A Cakmak, A Atas, M Soran, A Koc
anemia, imerslund-grasbeck syndrome, proteinuria, vitamin b12.
A Cakmak, A Atas, M Soran, A Koc. Imerslund-Grasbeck Syndrome: A Case Report. The Internet Journal of Pediatrics and Neonatology. 2007 Volume 9 Number 1.
To present a case thought to be Imerslund-Grasbeck syndrome because of vitamin B12 deficiency, proteinuria and glossitis. A 5-year-old girl presented at our clinic with fever, poor weight gain, pallor and findings of frequent infection. On examination, megoblastic anaemia, glossitis and proteinuria were determined in the girl and the mother also had vitamin B12 deficiency anaemia. With these findings, the patient was diagnosed with Imerslund-Grasbeck syndrome. Vitamin B12 treatment was started and the clinical findings were corrected. The patient was followed up by the clinic for one year. Imerslund-Grasbeck syndrome should be considered for patients presenting with retarded growth development, anaemia and proteinuria. Early detection of this disorder would enable screening and genetic counselling for asymptomatic family members.
Familial selective malabsorption of vitamin B12 associated with proteinuria was first described by Imerslund (1960) and Grasbeck et al (1960) (Imerslund-Grasbeck syndrome) (1,2). Inherited as an autosomal recessive trait, Imerslund-Grasbeck syndrome is characterized by the onset of megaloblastic anemia and asymptomatic proteinuria during the first 2 years of life (3). It is the most common cause of cobalamin deficiency in children, and varying manifestations include an insidious debut with infections and failure to thrive, hematological and neurological symptoms, and slight general malabsorption. Mild proteinuria is frequently, but not always present, and its incidence seems to be diminishing. Genealogical studies show consanguinity and clustering of the origins of grandparents (4) .
We aimed to present a case thought to be Imerslund-Grasbeck syndrome because of vitamin B12 deficiency, proteinuria and glossitis
A 5-year-old girl presented with fever, poor weight gain and pallor. There was a 3-month history of increasing paleness, weakness, loss of weight, abdominal pain and vomiting. The patient was evaluated by a complete history, physical examination, complete neurological examination and a laboratory work-up that included a serum vitamin B12 level, urine analysis, and complete blood count. The patient's mother showed vitamin B12 deficiency anaemia with a vitamin B12 level of 124 ng/L.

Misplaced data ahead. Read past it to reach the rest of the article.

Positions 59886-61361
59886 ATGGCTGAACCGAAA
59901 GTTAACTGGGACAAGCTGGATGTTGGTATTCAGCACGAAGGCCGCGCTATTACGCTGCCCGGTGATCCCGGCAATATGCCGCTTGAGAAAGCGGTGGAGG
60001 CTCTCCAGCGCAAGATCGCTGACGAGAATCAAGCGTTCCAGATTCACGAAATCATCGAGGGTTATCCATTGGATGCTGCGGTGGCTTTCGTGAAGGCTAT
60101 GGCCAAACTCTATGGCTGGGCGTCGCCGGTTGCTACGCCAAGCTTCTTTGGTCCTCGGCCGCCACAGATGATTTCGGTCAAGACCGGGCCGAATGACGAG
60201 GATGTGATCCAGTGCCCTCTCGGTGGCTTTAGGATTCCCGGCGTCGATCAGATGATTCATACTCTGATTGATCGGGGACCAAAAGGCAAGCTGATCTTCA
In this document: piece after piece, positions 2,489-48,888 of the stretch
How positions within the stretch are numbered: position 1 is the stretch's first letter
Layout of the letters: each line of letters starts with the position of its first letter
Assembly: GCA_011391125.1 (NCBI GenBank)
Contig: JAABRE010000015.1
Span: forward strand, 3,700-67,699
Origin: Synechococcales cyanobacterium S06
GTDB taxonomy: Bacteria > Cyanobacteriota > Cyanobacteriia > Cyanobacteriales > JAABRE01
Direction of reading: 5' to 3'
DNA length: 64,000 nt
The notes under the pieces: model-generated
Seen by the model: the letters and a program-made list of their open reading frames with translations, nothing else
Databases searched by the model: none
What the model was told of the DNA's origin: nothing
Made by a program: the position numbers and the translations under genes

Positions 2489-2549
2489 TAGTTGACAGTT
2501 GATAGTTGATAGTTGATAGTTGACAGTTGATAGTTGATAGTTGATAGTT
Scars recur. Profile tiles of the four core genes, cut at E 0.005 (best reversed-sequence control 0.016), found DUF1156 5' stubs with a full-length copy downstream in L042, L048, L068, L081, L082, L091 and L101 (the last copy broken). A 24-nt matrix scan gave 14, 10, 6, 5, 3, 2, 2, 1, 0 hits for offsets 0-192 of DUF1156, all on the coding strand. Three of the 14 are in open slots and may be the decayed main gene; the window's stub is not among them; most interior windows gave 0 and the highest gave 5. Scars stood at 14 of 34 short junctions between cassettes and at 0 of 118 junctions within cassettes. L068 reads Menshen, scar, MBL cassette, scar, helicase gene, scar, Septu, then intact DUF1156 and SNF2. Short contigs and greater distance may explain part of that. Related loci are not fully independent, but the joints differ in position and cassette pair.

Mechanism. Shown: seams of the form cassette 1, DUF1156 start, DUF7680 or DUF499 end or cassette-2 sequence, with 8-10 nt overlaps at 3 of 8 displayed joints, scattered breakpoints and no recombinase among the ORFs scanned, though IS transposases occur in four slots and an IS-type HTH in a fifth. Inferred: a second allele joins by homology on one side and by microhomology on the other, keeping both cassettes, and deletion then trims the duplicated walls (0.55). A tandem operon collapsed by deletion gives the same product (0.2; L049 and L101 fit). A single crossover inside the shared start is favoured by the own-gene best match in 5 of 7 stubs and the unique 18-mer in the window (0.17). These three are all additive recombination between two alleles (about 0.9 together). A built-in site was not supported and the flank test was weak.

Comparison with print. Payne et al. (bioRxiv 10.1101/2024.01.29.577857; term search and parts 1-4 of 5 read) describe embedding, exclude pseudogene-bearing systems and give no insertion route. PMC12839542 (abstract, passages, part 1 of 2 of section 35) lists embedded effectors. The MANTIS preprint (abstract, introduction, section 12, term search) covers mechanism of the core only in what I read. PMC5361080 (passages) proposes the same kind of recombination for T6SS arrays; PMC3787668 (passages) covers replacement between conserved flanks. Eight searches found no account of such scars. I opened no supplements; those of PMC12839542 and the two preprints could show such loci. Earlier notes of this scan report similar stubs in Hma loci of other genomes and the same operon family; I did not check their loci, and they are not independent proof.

Physical examination showed glossitis and the neurological examination was normal. She revealed no sign of hypotonia or hyperreflexia and her mental status was also normal. Diagnostic imaging showed a normal abdominal ultrasound. The peripheral blood smear showed hyper segmented neutrophils and macrocytic red blood cells with marked anisocytosis and poikilocytosis. No parasite was found on stool examination. The laboratory values were consistent with vitamin B12 deficiency (Table 1). A 24-hr urine collection showed an abnormal excretion of protein at 200 mg/dl and the urinalysis showed 2+ protein. The patient was started on a high daily dose of vitamin B12 of 1000 µgr IM and the treatment continued with 100µgr weekly/ IM. The anaemia and proteinuria resolved after the vitamin B12 treatment.
Imerslund syndrome, a recessive autosomal disease, is associated with megaloblastic anemia and proteinuria. The diagnosis should be considered when the three typical features are present: macrocytic anemia, decreased serum B12 level and proteinuria (5) .
The pathogenesis of vitamin B12 malabsorption in this syndrome remains unknown. In one study, the uptake of IF-B12 complex in vitro by homogenised ileal biopsy specimens from one patient was found to be normal and it was therefore postulated that the defect lay at a later stage after the attachment of the IF-B12 complex to the surface of the ileal cell (6). In another detailed study of two brothers with the syndrome, IF-B 2% uptake in the ileum in vivo was examined by sub cellular fractionation of ileal biopsy specimens (7). No uptake of vitamin B12 was detected in the ileal tissue (8).
The presence of megaloblastic anemia in children should be followed by investigation of proteinuria, due to the existence of this rare disorder that has a simple diagnosis and an effective treatment (3).
Anaemia and proteinuria were determined in our patient from the clinical findings of pallor, weakness, weight loss, abdominal pain, glossitis and vomiting together with the laboratory results.The applied treatment resulted in the correction of the clinical and laboratory findings.
Vitamin B12 deficiency is a well-known cause of recurrent aphthous stomatitis, although the mechanism by which this deficiency causes the stomatitis is not well understood (9). Broides et al. demonstrated that serum vitamin B12 deficiency is associated with a neutrophil chemotactic defect and recurrent aphthous stomatitis in Imerslund-Grasbeck patients. They reported 3 infants with vitamin B12 deficiency due to Imerslund-Grasbeck, who presented with borderline or normal hemoglobin concentrations, recurrent aphthous stomatitis, and a neutrophil function defect. Vitamin B12 therapy led to an immediate resolution of aphthous stomatitis and full correction of neutrophil function (9).
The glossitis shown by our case was resolved with the vitamin B12 treatment.
In conclusion, Imerslund-Grasbeck syndrome should be considered when cases present with general symptoms together with especially retarded growth development, pallor, frequent infections, anaemia and proteinuria in the urine. This rare disorder has a simple diagnosis and can be treated effectively.